General Sir Nick Carter, Chief of Defence Staff, said the Armed Forces are finding new ways to test people in remote areas of the UK. He said plans for “pop-up” testing centres, similar to mobile libraries which travel across the country, are being drawn up.
General Carter said the military is supporting “the heroic health workers on the frontline”, adding “for once, we are not on the frontline”.
Around 3,000 forces personnel have already been deployed in the fight against coronavirus, including 200 working in ambulance services, while others are delivering protective equipment, oxygen and ventilators to hospitals.
Military planners are also helping other public agencies to plan emergency responses to outbreaks across the country.
They have also supported and helped construct the NHS Nightingale Hospitals in London, Birmingham, Manchester, Harrogate, Bristol, Cardiff and Glasgow.
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Additional temporary hospitals are set to be built in Sunderland, Plymouth and Exeter.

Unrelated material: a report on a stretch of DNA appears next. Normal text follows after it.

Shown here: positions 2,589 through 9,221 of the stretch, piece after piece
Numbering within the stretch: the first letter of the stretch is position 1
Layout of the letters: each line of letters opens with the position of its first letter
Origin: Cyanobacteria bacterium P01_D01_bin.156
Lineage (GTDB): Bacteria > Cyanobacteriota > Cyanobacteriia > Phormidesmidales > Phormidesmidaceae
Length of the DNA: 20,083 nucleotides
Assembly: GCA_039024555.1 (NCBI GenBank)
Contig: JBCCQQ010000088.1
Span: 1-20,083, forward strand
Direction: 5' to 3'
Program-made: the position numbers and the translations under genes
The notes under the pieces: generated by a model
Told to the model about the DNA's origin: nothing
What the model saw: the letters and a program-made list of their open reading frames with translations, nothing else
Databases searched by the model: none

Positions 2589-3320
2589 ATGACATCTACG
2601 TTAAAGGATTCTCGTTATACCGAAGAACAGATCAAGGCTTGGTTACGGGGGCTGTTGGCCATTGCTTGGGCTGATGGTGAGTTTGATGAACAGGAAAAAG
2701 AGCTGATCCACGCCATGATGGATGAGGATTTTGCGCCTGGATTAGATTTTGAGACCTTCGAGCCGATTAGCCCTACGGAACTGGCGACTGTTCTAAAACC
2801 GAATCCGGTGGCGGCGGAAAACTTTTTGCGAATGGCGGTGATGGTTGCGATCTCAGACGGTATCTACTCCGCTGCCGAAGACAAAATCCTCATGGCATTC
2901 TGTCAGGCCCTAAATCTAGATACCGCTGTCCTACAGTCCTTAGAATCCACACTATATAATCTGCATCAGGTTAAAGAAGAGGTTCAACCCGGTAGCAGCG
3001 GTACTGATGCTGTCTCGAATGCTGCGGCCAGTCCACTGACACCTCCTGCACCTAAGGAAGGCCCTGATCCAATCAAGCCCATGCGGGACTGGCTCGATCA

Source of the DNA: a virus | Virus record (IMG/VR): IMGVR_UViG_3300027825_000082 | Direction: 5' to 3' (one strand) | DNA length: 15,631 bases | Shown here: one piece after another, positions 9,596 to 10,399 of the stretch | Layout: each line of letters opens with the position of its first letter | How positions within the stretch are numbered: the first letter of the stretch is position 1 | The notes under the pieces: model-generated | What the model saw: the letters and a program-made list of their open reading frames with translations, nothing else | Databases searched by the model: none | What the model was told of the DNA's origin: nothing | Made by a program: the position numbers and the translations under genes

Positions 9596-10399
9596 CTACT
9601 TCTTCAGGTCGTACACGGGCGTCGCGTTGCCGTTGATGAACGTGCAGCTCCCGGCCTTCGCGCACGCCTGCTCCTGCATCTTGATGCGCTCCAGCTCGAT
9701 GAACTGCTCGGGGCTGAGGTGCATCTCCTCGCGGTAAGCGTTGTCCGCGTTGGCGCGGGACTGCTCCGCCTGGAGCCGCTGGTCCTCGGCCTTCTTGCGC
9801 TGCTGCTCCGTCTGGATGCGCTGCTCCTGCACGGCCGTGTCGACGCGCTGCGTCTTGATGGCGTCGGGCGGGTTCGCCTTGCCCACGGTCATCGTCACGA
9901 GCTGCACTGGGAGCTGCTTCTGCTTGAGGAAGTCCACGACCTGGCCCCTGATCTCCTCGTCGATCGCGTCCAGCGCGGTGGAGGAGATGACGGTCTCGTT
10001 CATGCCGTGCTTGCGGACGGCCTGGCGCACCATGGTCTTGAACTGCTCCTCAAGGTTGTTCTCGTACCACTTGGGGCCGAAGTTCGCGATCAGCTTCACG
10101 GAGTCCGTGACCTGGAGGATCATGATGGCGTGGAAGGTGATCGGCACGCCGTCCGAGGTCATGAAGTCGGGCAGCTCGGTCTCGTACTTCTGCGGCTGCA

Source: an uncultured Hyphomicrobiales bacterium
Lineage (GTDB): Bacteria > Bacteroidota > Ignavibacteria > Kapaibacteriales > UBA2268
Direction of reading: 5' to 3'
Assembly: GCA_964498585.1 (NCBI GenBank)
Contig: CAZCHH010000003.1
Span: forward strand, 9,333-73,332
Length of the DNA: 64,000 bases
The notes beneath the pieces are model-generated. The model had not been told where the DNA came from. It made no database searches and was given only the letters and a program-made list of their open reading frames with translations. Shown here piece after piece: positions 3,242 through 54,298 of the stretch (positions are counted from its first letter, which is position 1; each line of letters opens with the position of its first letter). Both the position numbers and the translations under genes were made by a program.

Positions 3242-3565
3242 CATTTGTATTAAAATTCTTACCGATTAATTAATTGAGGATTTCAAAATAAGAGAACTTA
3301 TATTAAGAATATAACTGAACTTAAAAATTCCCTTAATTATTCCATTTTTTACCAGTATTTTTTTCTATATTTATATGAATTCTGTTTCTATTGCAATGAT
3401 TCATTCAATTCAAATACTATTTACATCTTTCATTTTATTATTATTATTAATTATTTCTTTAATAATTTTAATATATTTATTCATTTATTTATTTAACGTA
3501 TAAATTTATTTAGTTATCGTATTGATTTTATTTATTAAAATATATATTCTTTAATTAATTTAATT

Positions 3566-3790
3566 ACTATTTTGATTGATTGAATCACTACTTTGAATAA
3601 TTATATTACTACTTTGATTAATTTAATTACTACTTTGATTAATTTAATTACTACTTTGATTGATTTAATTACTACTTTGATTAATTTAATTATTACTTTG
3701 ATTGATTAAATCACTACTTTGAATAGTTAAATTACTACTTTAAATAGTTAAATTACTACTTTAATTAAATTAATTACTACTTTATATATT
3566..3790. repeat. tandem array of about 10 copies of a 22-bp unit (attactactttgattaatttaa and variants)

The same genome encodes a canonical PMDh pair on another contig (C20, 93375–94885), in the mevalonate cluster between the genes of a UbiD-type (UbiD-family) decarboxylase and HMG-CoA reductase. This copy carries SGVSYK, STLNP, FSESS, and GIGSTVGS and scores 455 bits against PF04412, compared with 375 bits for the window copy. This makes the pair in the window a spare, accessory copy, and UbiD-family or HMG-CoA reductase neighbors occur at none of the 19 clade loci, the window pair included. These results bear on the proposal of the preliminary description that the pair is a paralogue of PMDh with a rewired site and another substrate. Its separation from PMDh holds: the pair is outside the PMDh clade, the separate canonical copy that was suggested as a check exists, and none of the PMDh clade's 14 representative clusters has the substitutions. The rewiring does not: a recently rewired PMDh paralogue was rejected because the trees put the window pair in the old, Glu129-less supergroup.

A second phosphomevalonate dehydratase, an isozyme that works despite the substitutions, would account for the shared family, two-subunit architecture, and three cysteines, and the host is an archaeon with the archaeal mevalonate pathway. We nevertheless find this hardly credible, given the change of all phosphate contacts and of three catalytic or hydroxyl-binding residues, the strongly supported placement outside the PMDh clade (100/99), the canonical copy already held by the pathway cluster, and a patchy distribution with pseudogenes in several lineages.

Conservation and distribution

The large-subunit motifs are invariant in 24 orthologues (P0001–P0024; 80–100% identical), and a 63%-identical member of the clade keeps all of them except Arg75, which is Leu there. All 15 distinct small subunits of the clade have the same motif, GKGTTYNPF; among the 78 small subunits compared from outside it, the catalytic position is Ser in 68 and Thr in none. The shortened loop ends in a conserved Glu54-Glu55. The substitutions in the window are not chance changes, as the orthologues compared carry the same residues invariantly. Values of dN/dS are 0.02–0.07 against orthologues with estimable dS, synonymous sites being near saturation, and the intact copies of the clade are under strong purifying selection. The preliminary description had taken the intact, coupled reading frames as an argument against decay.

Up to 17 sites have identified, and General Carter yesterday revealed an extra 10,000 beds could be generated if pressure continues to grow on hospitals.
General Sir Nick Carter, 61, said: “We are also increasingly involved in the government’s testing programme, partly in terms of the planning and all that goes with that, but also in terms of thinking of ways in which the testing can be rolled out to isolated communities, and indeed, perhaps in the future to care homes.
“The idea of sort of pop ups, like mobile libraries that are able to get out and touch the community more closely, are the sorts of things that are in development at the moment and the military is involved in trying to construct that and to create prototypes that perhaps could then be let out to industry in short order.”
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